An environmentally sustainable, architecturally significant building
The University of East Anglia (UEA) in Norwich is a prominent UK university ranked in the top 1% of Higher Education institutions in the world. It is also a leading member of the Norwich Research Park, one of Europe’s biggest concentrations of researchers in the fields of environment, health and plant science. To enhance this growing reputation and meet increased demand for student accommodation, UEA decided to build a new 234-bed environmentally friendly student residence, known as Crome Court.
The challenge was to meet the university’s high expectations regarding environmental performance. Renewables were to be play a key role in the design, with CO2 emissions kept as low as possible. In addition, Crome Court had to be constructed within a tight, non-negotiable timeframe in order to be ready for a new intake of students.
Appointed as consultants, we produced detailed design and handled the project management of the mechanical and electrical services for Crome Court. Our involvement extended from the planning and construction stages through to commissioning and drew on our extensive experience and expertise in both BIM and REVIT.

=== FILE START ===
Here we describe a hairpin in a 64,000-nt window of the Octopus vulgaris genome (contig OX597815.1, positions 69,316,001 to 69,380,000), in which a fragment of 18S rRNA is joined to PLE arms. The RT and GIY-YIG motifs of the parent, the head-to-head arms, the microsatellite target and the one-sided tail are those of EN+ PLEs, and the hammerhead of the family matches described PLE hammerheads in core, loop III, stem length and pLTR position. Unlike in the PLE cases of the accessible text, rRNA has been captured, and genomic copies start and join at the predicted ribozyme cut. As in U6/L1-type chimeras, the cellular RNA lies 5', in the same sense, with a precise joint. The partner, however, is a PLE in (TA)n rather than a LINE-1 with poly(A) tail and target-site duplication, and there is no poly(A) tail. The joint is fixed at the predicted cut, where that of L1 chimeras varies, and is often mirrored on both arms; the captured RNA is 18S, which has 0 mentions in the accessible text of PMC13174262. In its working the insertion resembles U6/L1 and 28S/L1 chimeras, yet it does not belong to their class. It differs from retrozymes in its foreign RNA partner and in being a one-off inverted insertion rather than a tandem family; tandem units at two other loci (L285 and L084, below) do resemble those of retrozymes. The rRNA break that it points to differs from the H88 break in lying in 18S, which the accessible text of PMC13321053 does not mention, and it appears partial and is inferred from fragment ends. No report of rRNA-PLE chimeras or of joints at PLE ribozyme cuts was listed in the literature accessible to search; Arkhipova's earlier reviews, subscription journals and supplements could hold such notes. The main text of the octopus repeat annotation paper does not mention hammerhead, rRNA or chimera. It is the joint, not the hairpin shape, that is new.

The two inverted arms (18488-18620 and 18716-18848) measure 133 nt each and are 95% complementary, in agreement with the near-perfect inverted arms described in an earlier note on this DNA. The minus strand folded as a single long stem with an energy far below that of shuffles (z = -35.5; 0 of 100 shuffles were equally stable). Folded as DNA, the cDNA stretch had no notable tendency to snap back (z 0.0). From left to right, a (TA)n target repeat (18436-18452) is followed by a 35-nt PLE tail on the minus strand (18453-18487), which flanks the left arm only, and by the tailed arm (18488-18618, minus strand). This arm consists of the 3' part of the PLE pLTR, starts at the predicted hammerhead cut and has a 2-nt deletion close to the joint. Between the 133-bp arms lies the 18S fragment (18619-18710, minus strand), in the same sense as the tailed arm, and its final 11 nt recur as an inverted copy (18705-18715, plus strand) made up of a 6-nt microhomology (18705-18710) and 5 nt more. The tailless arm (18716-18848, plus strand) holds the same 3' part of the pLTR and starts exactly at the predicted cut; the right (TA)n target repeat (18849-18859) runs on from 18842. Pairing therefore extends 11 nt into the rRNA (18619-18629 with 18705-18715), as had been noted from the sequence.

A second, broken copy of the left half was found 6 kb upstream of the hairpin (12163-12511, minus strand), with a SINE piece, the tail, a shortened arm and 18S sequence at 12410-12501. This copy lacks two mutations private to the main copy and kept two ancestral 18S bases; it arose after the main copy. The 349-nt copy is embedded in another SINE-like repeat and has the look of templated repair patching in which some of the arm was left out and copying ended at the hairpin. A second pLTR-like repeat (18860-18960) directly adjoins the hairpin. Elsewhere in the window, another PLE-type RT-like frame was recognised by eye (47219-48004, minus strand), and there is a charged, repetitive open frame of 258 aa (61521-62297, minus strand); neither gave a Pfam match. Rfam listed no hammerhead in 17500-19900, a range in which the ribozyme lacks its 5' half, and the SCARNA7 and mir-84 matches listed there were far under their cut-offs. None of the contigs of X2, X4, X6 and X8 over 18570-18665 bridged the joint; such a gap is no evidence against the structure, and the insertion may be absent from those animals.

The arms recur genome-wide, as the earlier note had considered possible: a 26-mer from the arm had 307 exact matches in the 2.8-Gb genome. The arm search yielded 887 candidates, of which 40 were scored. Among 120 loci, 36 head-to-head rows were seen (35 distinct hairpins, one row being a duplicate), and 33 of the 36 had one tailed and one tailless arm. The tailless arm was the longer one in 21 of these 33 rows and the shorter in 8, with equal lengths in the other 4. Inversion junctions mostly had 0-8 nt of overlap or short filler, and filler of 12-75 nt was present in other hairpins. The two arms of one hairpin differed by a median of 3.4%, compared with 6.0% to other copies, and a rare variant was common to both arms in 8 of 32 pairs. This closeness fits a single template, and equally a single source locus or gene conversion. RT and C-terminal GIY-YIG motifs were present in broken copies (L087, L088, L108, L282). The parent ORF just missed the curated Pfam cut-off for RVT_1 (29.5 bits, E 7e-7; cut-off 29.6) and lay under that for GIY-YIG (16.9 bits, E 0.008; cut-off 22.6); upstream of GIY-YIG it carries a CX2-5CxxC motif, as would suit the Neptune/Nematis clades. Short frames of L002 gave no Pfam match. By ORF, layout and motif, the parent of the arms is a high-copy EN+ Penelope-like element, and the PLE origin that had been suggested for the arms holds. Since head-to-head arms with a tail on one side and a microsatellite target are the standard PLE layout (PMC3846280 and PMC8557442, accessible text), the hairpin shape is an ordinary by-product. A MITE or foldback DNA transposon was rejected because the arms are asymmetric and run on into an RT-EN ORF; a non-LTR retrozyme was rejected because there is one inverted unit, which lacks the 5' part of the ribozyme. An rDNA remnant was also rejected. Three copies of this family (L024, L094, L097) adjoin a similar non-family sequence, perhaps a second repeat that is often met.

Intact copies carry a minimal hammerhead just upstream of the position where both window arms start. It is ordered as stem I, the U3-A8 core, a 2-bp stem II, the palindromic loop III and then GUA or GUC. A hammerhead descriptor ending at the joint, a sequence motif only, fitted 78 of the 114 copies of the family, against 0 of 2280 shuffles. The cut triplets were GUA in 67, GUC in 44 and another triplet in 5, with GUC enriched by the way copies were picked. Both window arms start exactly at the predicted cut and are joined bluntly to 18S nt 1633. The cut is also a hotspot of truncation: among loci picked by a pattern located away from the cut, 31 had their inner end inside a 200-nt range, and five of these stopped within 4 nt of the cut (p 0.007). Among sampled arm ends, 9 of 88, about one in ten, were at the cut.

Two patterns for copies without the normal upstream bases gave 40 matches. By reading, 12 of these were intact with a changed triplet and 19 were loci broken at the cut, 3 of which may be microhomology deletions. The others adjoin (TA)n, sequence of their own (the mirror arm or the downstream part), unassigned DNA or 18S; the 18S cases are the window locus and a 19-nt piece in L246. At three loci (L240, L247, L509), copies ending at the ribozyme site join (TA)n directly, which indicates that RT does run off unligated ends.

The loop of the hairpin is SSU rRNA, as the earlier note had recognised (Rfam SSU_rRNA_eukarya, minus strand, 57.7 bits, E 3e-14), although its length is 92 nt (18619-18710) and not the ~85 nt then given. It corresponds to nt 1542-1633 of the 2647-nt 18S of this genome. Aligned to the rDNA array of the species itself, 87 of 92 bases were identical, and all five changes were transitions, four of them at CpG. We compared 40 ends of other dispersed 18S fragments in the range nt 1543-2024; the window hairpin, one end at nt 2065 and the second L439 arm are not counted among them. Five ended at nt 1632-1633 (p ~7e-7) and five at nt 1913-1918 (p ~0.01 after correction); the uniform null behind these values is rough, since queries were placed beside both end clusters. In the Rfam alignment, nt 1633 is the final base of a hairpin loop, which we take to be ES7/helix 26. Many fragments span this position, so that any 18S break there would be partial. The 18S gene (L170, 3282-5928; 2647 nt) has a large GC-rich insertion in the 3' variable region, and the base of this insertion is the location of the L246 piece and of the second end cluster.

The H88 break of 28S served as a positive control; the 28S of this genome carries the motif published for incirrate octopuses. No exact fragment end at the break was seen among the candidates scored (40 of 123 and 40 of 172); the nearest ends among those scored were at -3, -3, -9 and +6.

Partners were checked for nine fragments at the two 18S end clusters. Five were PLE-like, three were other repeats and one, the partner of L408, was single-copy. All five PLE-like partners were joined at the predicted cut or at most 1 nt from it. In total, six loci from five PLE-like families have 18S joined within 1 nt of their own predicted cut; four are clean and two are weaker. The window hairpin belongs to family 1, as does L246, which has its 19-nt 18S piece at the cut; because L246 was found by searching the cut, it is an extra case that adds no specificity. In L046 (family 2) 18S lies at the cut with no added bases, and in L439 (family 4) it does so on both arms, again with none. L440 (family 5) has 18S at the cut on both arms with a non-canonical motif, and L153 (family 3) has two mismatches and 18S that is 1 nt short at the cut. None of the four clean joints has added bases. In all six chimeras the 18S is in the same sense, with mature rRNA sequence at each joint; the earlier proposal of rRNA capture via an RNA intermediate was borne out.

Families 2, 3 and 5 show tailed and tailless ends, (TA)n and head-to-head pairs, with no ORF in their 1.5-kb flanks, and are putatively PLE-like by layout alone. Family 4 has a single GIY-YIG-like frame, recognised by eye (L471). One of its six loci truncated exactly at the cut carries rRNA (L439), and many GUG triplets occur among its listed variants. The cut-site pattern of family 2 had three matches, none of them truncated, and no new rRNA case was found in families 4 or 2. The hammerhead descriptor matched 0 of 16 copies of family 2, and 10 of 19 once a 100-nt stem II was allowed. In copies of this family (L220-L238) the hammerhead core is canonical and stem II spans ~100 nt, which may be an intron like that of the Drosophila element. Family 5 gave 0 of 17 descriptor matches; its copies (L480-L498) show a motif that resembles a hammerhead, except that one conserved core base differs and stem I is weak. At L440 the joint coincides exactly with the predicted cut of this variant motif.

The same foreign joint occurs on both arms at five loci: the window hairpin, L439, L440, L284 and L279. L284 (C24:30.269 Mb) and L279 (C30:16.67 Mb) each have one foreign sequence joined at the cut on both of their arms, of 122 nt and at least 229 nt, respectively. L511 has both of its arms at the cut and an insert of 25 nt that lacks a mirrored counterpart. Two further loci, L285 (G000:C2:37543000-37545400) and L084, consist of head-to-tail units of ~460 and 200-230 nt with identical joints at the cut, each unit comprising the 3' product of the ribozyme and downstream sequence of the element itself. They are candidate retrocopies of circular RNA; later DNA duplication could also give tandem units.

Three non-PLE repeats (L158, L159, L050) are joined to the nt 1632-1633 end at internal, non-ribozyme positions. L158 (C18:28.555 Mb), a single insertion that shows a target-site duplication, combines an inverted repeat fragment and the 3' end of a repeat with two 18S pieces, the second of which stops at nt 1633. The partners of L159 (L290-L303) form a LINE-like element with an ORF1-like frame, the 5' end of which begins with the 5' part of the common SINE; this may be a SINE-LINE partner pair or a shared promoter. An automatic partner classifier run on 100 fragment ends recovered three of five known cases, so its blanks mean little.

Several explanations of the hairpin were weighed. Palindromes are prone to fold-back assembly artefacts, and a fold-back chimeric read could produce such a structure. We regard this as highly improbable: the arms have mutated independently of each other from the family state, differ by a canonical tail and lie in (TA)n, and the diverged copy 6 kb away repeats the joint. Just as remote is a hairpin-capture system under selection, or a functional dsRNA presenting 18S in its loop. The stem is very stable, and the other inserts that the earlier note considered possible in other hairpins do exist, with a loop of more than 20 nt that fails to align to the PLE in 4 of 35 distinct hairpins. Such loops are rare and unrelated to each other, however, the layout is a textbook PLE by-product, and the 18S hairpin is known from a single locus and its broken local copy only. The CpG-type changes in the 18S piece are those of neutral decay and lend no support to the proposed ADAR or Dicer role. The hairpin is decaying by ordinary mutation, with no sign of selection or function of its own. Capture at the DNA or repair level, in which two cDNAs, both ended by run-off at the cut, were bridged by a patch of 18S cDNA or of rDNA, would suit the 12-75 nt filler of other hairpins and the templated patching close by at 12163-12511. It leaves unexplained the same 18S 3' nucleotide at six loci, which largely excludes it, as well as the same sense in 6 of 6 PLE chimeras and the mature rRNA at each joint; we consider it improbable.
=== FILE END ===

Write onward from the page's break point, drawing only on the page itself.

The advanced environmental aspects of the building include triple glazing, solar energy panels, grey water recycling to flush toilets and a green living wall to complement the landscape of the campus. Around 69% of the energy consumed by Crome Court is expected to be provided by renewable sources, and the building will produce 95% less CO2 than a structure of similar size built to comply with normal building regulation standards.
Situated near the Bluebell Road entrance to the campus, Crome Court is now providing UEA with state-of-the-art student living accommodation. It is recognised as one of the UK’s leading examples of a building that is both environmentally sustainable and architecturally significant.
Construction Computing Awards, Collaboration Project of the Year 2014
RICS Awards, Design through Innovation 2015
Green Gown Award for the Built Environment 2015